It may take a new generation of military and civilian leaders, working within this new configuration, for a lasting and permanent demarcation between them to emerge. A slow and gradual reconfiguration of responsibilities and identities would be the most effective route to enact such changes and ensure the wider reform and transition process remains on track.
Adam P. MacDonald is an independent researcher based in Halifax, Canada.
Author: Peter McCawley, ANU
Indonesia’s next president will need significant funds to fulfil election promises. But both candidates Joko Widodo (Jokowi) and Prabowo Subianto have expressed caution about international borrowings.
So should Indonesia undertake the risks of borrowing from overseas? There is little consensus among Indonesian policymakers. The issue is a difficult and sensitive one, but what is the right course of action?
The case for government borrowing from overseas seems straightforward and persuasive — international capital markets are awash with liquidity and interest rates are at record lows. Also, Indonesia urgently needs funds to support new investments.
But how much should Indonesia borrow? The answer, in principle, is simple. Indonesia should keep borrowing — many billions of dollars if appropriate — so long as the rate of return on investment comfortably exceeds the cost of borrowing. If, for example, the Indonesian government can borrow in international capital markets at 6 per cent per year and investments at home have a return of 10 per cent per year, then surely Indonesia should keep borrowing.
Yet a ‘fear of borrowing’ is widespread across the political and policymaking elite in Indonesia.
The basic case for international borrowings rests on several assumptions. First, that the terms of borrowing (including the costs of borrowing and other conditions) are attractive. Second, that the funds can be used well, especially by investing in good projects at home. Third, that there are no problematic financial or other worrying risks in issuing debt.
Opponents of international borrowing in Indonesia say that none of these assumptions can be relied upon. They argue that the risk to Indonesia of raising large scale borrowings overseas is just too great.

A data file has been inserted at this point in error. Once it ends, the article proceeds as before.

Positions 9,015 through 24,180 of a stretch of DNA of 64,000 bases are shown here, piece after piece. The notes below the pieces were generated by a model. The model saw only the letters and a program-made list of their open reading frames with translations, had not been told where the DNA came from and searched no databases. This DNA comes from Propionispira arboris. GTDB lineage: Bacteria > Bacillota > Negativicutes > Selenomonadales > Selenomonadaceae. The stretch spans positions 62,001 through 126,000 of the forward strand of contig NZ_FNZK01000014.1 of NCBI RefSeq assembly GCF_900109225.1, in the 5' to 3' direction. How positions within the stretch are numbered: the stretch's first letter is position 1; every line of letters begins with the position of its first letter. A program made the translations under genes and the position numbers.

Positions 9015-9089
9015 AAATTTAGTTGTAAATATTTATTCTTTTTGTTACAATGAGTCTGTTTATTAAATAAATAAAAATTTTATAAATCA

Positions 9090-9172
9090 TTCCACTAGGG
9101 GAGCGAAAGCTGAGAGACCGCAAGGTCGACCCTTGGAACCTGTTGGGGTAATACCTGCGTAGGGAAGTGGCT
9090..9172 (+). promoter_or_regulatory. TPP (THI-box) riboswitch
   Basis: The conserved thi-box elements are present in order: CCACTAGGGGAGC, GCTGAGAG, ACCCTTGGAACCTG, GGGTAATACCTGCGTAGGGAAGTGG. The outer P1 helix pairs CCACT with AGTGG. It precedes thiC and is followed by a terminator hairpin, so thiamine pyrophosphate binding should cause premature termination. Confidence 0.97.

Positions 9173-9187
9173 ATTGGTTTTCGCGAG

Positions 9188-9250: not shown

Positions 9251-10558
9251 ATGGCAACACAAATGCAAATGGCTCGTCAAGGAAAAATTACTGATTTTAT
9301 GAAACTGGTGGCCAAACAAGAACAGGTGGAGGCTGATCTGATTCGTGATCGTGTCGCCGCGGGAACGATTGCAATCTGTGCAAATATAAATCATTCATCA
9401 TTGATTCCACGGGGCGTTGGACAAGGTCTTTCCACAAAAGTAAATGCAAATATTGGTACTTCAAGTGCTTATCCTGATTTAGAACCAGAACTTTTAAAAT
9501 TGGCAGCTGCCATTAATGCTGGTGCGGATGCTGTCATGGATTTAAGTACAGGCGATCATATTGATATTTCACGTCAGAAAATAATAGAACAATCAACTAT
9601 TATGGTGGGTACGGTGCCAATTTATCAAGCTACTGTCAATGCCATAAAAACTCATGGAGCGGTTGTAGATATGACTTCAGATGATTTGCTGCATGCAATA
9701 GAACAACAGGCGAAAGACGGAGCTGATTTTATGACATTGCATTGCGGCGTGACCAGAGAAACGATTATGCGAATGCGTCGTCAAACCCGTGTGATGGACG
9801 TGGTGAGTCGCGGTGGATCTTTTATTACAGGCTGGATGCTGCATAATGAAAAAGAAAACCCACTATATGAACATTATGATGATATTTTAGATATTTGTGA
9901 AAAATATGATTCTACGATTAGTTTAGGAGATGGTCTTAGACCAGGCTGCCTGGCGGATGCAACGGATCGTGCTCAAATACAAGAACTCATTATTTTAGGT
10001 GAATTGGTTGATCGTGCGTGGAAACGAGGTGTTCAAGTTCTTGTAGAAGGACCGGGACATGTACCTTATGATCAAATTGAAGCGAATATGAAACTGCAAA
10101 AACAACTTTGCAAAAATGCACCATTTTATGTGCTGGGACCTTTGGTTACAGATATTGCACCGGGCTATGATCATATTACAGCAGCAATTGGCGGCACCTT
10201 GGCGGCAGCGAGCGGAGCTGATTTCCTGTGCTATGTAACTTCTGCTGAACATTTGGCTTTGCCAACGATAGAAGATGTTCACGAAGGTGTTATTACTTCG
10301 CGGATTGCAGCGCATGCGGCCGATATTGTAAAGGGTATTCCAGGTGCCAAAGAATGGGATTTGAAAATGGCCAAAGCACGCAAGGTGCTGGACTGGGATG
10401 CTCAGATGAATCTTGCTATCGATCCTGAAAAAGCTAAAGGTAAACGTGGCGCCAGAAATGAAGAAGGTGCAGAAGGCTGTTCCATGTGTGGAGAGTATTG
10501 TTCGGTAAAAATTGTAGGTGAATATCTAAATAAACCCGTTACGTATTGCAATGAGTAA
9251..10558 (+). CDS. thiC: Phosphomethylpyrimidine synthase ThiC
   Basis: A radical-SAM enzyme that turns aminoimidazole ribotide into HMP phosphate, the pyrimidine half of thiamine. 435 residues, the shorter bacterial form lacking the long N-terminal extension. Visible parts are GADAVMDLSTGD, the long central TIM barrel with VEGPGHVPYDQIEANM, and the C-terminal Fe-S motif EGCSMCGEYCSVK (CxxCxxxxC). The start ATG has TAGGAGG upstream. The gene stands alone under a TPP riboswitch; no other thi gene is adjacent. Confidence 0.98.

For one thing, opponents of government borrowing point to the hidden costs of international borrowings. They point to the foreign exchange rate risks — arguing that while current costs of borrowing in US dollars are quite low, uncertainty and danger will arise if there is a significant depreciation of the Indonesian rupiah. The repayments in US dollars, they point out, will soon become quite onerous and perhaps they have a point.
The Indonesian rupiah has fallen significantly in the past few years — from around Rp9800 to the US dollar in mid-2011 to around Rp12,000 in recent months. So it seems true that there are considerable foreign exchange rate risks for Indonesia in borrowing from overseas.
Also, it isn’t always clear that the borrowed funds will be used to support good projects. There is a real risk that borrowed funds will be frittered away on disappointing white elephant projects. And there is, worryingly, a marked shortage of well-prepared projects in Indonesia. Some of the projects that have been mentioned in recent years have been slow to get off the mark. There has been talk, for example, of a very ambitious Sunda Strait Bridge project to provide road and rail links across from Java to Sumatra. This project would cost at least US$20 billion and would be by far the largest single infrastructure project ever undertaken in Indonesia. As such, it would seem to be a suitable project to finance with official borrowings from overseas. Yet so far, despite much talk and repeated presidential promises, the plans for the bridge have gone nowhere.
Another worry about international borrowings is that financial complications will arise which could ultimately drag the government into negotiations about sour international debts. Senior Indonesian policymakers point to two bitter experiences that Indonesia has had with debt reschedulings.
One was in 1975 when a major debt crisis occurred following the Pertamina crisis. The crisis broke out when it was revealed that the state-owned oil company Pertamina had gone on an undisclosed borrowing spree in international markets. The president director of Pertamina, Dr Ibnu Sutowo, had approved the borrowings of large amounts of short-term funds. The borrowings had been used to invest in longer-term projects, but Sutowo had not foreseen any repayment problems because he had assumed that Pertamina’s short-term debts could be continually refinanced in international markets.
But when, in the wake of the 1973–74 international ‘oil shock’, international capital markets suddenly dried up, Pertamina was faced with a cash-flow crisis. Eventually the problem was solved — but not without significant pain and damage to Indonesia’s standing in the international community.
It took years for Indonesia to build up credibility again in international financial markets.
More recently, the borrowing and debt problems that contributed to the 1997–98 Asian financial crisis in Indonesia imposed huge economic costs. In the midst of the Asian financial crisis Indonesia’s GDP fell by over 10 per cent in 1998 causing widespread unemployment and leading to a sharp increase in the national poverty rate. Recovery from the crisis was slow. It was not until almost a decade later that national income per person climbed once again to the pre-crisis level.
Although the benefits to be gained from a well-designed and successful international borrowing program are large for Indonesia, the risks are large as well. It is understandable that many policymakers are cautious. They are keen to see Indonesia invest in much-needed infrastructure but they have bitter memories from the past — it’s a hard choice.
Peter McCawley is a Visiting Fellow at the Crawford School of Public Policy, The Australian National University.